June 26, 2009

Michael Jackson Drawings

Typically, I wouldn't post three articles on the same subject (outsider art) so close together, but the death of Michael Jackson has prompted me to share these drawings.

As we think about creativity and what it means, I think of what creativity has meant to myself and to my eldest son, Bryce, who has idolized (at times to the point of obsession) Michael Jackson, since he was 9 or 10 years old. This love for the entertainer, and it is love, an important milestone in a child with pervasive developmental disorder, and those feelings, thoughts and emotions led to drawings, multiple VHS, DVD, CD purchases, a letter to MJ, and sending him a copy of Bryce's first book, "The Boy in the Mirror" (no longer in print).

Bryce's captivation with "all things Michael" led my sister and I to take him to NYC on Sept. 10, 2001 for the 30th anniversary concert; an unforgettable night for us all, especially considering the events the next morning. It's the only time I saw Michael Jackson live, and as I told my husband last night, when he danced it was like an energy field surrounded and embodied him. Like more energy and charisma came forth than one person's body could hold. It was unforgettable to watch.

At the Rock 'n Roll Museum in Cleveland five years ago, Bryce stared at Michael's glove and we have a photo of him standing with a big smile in front of a guitar there decorated with paintings of Jackson.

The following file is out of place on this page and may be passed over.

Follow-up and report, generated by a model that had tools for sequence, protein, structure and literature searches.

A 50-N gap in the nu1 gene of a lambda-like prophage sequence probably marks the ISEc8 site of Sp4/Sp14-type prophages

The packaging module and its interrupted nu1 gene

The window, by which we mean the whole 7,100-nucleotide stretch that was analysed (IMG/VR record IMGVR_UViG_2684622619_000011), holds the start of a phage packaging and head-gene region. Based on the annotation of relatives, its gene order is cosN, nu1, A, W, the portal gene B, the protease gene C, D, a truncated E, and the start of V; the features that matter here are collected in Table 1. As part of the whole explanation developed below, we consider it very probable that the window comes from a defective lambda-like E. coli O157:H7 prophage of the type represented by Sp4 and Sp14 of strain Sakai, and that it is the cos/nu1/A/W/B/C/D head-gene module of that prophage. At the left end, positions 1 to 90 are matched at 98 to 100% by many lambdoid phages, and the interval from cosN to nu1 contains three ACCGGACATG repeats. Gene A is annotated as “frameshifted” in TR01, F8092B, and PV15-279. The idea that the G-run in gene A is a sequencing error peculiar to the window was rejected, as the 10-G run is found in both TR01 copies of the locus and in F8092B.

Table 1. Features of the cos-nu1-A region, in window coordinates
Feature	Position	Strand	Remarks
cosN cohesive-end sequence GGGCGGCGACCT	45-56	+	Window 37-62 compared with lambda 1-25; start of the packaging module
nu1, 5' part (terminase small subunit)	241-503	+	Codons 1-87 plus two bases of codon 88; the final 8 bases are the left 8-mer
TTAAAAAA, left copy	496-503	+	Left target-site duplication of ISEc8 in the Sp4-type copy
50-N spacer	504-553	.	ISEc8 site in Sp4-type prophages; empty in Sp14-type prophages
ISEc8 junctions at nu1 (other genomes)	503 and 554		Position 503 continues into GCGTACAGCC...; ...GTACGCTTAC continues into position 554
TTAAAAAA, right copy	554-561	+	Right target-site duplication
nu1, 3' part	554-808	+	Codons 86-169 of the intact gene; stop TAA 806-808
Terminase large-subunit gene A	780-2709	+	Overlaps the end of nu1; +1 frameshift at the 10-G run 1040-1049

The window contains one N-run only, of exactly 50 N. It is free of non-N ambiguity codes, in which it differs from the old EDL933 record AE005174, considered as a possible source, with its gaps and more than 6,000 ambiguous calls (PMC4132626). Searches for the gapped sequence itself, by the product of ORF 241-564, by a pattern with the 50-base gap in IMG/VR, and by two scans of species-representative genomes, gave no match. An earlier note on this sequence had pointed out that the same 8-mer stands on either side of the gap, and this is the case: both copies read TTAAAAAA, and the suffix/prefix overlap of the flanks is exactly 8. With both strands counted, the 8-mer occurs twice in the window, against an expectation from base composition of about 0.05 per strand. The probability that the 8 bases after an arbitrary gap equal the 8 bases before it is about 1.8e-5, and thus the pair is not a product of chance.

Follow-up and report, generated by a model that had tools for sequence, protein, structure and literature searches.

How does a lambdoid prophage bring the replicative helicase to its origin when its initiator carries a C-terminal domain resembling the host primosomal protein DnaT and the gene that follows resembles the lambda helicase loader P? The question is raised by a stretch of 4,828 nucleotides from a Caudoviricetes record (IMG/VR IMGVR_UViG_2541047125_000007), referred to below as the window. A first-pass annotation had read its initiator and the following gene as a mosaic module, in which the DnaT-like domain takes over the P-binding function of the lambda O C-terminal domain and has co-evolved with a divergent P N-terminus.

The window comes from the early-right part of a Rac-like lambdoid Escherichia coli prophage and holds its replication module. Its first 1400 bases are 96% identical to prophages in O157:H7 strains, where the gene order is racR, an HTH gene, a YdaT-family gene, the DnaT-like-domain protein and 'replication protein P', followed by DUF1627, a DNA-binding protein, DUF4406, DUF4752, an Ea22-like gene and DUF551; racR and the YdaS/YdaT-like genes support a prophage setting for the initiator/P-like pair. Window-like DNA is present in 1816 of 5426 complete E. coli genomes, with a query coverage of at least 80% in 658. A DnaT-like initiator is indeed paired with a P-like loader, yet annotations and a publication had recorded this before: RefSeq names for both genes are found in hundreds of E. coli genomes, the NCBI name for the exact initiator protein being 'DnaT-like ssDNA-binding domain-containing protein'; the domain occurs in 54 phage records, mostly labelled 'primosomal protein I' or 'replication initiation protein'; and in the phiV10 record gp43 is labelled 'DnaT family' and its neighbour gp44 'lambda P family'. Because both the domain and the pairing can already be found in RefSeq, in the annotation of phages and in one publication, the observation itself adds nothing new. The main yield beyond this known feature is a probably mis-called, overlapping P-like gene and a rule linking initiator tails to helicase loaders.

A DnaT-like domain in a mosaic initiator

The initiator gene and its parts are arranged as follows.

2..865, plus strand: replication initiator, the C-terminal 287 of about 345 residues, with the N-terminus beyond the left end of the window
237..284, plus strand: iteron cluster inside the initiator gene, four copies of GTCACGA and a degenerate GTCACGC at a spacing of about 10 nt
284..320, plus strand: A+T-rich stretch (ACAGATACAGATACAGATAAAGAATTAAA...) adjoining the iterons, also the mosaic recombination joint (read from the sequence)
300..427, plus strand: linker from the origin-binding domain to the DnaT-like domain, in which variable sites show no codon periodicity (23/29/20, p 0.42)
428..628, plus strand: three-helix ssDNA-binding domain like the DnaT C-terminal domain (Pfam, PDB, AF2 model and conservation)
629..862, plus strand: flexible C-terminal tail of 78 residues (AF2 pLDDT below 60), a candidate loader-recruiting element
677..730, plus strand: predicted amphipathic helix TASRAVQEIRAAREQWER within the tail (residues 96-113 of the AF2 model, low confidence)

When I heard the news of Jackson's death, I called the facility where Bryce lives and broke the news to him, and talked with him, and let him talk and cry. Our family recognizes that, to Bryce, Michael Jackson was the most important person outside of our family and Bryce's girlfriend, Sara. I was very concerned about how he would take the news, but thankfully a call later that night and to the facility this morning told me that he is okay, and has found a way to cope: thinking about other good things. Ah, we can learn a lesson from that.

One staff person, he said, told him "the world is a better place without Michael Jackson." It always amazes me how insensitive some people can be who work daily with those who find life challenging mentally and physically. I reminded Bryce that he has heard those things before, and that many millions of people throughout the world feel sad, just like he does. But that he will feel happy again.

I received the latest copy of Raw Vision (a UK magazine devoted to Outsider Art) this week. And am growing in my understanding of the genre... I want to share with you Bryce's drawings over the years of Michael Jackson. He's never gotten the tattoo he wanted of him (though he has Jesus on one ankle and a cartoon character on the other). Hopefully we won't return to that desire! But, I expect to see a new Sharpie-drawn T-shirt soon (see drawings on red t-shirt at bottom) as well as new drawings based on the many photos of Jackson being released. Bryce will wear MJ's image proudly as his own unique tribute to someone he believed understood how he felt going through life.

Update: Bryce does not watch news 24/7, nor have access to the internet, so he's been shielded from hearing "Michael Jackson's death" over and over again every day. It seems to be sinking in with him though, and I expect there will be more questions, drawings, and even tears as time goes on. But, as his brother said, "Bryce'll always have Michael Jackson's music." And, in this blog on creativity, that's an important point. Creative work allows our voice to continue on, no matter whether we are a world-famous megastar, or a woodworking grandpa, or a crocheting mother. How we treasure the physical manifestations of creativity left by those we love!